Let $\Omega_n={1,2,....,n}$ and for $0 \leq k \leq n$ let $\Omega^{\{k\}}$ be the collection of k element subsets of $\Omega_n$

Define the number $S^{n}_{k}$ as cardinality of $\Omega^{\{k\}}_n$

Use induction on n to prove for all $n \in N$ and $k \in Z$ with $0 \leq k \leq n$ that $S^{n}_{k}={n\choose k}$ by induction on n: Prove directly for all n, $S^{n}_0={n \choose 0}=1$. Prove the inductive step using the identities $S^{n}_{k} + S^{n}_{k+1}= S^{n+1}_{k+1}$ and ${n \choose k} + {n \choose k+1}={n+1 \choose k+1}$

I am ok withthe base case but I am having troubles proving the inductive hypothesis

Approach Assume for a $n \in N$ and $k \in Z$ with $0 \leq k \leq n$ $S^{n}_{k}= {n \choose k}$

Need to show $S^{n+1}_k={n+1 \choose k}$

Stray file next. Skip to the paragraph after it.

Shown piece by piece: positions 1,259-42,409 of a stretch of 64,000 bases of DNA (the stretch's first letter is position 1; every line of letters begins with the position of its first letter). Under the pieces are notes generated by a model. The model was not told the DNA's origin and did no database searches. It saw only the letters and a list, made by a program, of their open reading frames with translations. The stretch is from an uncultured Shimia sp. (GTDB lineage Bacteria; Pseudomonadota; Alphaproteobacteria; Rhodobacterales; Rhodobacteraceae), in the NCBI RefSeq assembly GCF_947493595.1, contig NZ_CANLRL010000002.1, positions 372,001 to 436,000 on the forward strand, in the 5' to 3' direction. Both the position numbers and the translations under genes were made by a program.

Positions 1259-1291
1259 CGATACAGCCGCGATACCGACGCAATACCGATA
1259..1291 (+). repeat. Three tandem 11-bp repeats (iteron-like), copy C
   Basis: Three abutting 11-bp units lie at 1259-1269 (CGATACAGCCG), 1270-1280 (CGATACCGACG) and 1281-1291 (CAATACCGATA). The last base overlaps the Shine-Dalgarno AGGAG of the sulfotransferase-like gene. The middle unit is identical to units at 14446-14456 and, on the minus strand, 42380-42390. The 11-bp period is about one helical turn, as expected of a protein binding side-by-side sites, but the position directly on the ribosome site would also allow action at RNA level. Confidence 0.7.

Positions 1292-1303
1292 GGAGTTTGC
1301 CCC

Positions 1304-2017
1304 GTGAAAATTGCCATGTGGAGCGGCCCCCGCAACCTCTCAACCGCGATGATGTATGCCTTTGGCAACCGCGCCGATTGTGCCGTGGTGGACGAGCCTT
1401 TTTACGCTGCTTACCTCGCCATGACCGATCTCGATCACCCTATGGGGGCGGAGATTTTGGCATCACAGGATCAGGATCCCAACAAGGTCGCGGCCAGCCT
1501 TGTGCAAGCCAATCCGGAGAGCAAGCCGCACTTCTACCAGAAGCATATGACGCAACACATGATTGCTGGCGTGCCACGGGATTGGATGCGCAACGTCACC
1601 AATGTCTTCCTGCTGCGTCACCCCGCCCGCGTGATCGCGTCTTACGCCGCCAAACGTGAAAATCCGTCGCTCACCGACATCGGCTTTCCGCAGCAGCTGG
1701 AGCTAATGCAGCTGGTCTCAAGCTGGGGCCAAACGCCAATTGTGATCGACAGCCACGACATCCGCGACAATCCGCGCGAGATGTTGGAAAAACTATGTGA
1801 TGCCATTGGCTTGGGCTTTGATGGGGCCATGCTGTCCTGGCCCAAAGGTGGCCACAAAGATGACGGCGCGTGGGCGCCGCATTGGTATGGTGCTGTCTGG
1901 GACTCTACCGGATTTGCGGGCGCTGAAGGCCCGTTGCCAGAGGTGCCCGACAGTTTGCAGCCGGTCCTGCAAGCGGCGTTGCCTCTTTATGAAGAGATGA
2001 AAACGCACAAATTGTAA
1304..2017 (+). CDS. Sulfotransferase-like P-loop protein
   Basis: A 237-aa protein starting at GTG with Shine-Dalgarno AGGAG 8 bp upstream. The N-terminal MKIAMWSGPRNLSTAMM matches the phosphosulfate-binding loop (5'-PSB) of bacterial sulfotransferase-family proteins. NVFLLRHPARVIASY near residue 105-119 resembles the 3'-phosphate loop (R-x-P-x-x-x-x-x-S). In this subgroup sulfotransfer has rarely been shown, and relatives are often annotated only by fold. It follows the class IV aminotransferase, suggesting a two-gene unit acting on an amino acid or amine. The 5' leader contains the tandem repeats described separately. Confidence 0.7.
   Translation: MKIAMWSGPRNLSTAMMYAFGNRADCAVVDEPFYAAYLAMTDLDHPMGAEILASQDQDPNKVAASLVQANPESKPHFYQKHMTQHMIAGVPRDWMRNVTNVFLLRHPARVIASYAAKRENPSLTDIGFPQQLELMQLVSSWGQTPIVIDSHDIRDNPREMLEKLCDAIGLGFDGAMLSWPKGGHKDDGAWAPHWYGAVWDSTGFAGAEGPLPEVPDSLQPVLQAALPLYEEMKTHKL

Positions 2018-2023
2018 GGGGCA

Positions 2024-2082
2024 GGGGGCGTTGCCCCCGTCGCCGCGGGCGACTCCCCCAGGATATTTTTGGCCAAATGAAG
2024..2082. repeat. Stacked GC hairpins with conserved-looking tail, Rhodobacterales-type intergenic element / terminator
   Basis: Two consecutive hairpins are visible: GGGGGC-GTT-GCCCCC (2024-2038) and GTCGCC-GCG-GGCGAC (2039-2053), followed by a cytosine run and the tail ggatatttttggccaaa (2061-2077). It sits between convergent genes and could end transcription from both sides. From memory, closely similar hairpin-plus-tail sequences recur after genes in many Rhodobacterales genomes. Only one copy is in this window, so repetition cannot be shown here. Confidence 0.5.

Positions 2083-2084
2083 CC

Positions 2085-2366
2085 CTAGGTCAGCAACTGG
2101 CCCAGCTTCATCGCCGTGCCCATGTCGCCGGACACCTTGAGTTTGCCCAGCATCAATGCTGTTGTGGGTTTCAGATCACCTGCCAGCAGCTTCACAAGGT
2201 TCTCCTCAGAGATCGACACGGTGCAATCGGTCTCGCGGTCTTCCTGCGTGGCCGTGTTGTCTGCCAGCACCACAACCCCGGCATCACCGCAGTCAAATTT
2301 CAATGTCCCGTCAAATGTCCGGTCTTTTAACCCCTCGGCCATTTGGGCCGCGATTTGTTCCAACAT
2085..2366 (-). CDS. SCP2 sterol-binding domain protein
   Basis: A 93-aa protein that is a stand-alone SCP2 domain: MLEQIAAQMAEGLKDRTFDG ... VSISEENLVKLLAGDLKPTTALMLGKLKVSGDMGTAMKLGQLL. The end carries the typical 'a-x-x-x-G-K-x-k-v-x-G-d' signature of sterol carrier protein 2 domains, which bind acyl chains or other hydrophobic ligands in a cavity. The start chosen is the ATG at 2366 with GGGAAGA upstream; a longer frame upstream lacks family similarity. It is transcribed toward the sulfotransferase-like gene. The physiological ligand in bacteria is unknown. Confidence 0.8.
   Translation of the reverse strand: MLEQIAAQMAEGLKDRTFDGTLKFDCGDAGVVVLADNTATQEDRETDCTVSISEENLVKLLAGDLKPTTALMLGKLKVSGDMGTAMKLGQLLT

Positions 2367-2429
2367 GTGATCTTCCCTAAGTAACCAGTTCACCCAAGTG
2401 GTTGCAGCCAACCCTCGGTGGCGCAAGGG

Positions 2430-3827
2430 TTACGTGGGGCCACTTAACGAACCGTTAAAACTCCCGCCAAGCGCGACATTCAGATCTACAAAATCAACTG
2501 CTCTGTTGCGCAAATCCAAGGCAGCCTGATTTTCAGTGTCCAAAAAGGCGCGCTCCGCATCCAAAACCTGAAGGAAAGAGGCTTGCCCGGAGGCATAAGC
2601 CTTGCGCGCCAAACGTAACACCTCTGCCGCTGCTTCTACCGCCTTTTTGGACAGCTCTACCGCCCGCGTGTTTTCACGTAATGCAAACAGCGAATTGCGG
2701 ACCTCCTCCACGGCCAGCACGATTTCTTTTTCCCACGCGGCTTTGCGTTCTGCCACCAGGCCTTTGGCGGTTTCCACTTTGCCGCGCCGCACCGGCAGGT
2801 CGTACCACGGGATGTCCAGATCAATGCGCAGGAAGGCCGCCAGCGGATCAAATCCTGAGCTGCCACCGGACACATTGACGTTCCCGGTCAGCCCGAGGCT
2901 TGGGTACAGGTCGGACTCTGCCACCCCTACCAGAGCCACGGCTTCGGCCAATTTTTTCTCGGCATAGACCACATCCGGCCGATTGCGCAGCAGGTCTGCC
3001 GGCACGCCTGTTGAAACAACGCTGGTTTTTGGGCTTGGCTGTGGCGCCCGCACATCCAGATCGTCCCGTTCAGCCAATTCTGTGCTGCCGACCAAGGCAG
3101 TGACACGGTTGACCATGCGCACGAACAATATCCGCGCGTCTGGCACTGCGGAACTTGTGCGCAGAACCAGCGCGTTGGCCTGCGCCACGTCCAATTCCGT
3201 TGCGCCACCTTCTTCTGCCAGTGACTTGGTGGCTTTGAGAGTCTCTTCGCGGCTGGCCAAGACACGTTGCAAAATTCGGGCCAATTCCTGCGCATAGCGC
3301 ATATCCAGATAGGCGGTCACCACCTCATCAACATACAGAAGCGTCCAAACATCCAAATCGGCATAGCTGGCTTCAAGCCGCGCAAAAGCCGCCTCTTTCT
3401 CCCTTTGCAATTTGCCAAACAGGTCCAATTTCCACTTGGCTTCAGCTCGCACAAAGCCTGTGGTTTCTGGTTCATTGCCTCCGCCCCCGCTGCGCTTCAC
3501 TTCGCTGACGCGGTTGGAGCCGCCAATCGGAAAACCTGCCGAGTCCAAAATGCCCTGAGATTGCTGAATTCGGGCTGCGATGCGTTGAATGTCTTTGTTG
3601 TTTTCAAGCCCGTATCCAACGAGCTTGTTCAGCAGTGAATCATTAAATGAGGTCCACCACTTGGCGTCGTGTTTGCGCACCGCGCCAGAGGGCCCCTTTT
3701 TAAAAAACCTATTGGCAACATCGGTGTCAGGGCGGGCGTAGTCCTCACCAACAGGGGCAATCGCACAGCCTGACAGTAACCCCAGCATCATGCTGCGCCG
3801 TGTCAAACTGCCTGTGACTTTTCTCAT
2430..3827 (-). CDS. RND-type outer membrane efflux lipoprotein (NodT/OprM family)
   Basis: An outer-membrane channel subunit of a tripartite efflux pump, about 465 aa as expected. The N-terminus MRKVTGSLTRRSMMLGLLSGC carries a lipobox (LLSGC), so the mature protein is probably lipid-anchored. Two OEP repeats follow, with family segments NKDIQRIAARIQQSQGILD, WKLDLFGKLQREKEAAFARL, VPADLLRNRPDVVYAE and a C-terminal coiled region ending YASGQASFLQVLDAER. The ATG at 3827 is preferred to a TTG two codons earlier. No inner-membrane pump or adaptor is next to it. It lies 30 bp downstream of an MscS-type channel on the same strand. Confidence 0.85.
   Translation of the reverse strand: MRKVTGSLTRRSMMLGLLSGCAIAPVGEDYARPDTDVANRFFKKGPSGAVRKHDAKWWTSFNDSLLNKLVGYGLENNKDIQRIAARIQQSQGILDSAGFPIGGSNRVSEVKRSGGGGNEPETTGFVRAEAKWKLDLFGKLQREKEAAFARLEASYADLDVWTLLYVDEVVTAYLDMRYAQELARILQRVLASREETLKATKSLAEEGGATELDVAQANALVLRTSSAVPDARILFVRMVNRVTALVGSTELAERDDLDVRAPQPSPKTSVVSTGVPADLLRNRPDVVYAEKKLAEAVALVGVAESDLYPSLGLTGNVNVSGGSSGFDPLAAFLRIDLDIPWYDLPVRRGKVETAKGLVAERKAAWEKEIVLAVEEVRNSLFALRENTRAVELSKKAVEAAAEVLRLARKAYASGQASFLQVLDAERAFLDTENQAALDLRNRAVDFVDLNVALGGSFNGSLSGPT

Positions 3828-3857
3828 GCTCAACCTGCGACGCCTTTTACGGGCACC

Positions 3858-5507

$S^{n+1}_k = S^{n}_{k}+S^{n}_{k-1}$

I don't know how to tackle the $S^{n}_{k-1}$

• What is your definition of $\binom nk$?
– bof
Jun 2 '16 at 4:54
• the algebaric or combinatorial definition? Jun 2 '16 at 4:56

Hint: Now you have $1,2,\dots,n+1$, first consider how many sets in $\Omega^{\{k\}}_{n+1}$ do not contain the element $n+1$, and then count how many sets in $\Omega^{\{k\}}_{n+1}$ contain the element $n+1$.
• your claim proves the following $S^{n+1}_{k}=S^n_{k}+S^{n}_{k−1}$ Jun 2 '16 at 6:25
• what do you mean by don't know how to tackle $S^n_{k-1}$? Jun 2 '16 at 6:45
• you have $S^n_k = {n \choose k}$ for all $0\le k \le n$ and the identity ${n \choose k-1} + {n \choose k}={n+1 \choose k}$ Jun 2 '16 at 6:56